Yahoo Finance’s call of the week is Goldman Sachs revising its bullish call on oil. It turns out that even top analysts don’t always get it right. The big bank has admitted it misread the oil market and is slashing its three-month forecast on crude to $47.50 per barrel. That is significantly lower than its initial target of $55 per barrel.
So how did Goldman Sachs get it wrong? The bank says the surprising rapid rise in U.S. shale drilling over the past month, as well as a rebound in production in Nigeria and Libya, have reduced the likelihood that inventories will normalize before the end of the OPEC deal. Goldman analysts Damien Courvalin, Jeffrey Currie, Henry Tarr, Huan Wei and Callum Brude wrote in a research note that these factors will likely cause oil to hover close to $45 per barrel until there is evidence of “a decline in the US horizontal oil rig count, sustained stock draws or additional OPEC production cuts.”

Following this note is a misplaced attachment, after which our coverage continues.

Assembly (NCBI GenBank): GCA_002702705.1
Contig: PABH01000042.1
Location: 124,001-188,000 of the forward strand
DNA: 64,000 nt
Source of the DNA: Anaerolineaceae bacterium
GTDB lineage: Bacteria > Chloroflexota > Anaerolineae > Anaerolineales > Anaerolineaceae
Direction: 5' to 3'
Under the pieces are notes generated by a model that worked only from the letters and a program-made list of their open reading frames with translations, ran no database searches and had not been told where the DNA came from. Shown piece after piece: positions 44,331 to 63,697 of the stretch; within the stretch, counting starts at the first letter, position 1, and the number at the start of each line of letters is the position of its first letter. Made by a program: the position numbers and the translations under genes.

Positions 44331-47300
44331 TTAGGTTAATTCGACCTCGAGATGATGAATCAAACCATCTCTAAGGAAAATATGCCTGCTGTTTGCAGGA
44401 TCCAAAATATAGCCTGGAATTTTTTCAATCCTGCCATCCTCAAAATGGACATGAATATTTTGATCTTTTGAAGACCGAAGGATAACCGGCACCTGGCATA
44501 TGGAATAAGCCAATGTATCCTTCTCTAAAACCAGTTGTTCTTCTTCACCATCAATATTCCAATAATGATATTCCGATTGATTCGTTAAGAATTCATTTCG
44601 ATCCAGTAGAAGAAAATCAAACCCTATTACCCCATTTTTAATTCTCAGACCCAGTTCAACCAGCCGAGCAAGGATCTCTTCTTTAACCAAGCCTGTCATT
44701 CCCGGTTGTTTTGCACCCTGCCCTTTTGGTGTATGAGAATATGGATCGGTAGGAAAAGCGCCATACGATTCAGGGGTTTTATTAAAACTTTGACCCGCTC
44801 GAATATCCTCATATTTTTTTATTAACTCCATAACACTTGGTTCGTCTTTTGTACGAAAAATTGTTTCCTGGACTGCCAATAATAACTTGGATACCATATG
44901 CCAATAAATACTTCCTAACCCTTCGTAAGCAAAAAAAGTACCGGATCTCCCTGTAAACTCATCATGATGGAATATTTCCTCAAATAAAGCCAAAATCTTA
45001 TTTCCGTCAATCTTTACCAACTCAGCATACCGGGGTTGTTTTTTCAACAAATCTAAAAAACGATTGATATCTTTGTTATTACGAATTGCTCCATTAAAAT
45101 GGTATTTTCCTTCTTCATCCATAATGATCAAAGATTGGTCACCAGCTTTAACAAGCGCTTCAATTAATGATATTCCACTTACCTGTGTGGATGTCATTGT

Despite Goldman’s more bearish tone on oil, the bank’s revised three-month target is still above the forward price curve. The analysts noted that they’re “cyclically bullish within a structurally bearish framework: the near-term price risks are now increasingly skewed to the upside while the low velocity deflationary forces of the New Oil Order are still at play.”
Although crude rebounded to a two-week high on Thursday, it’s on track to close the first half of the year in negative territory. Prices have dropped nearly 16% during the first six months of the year.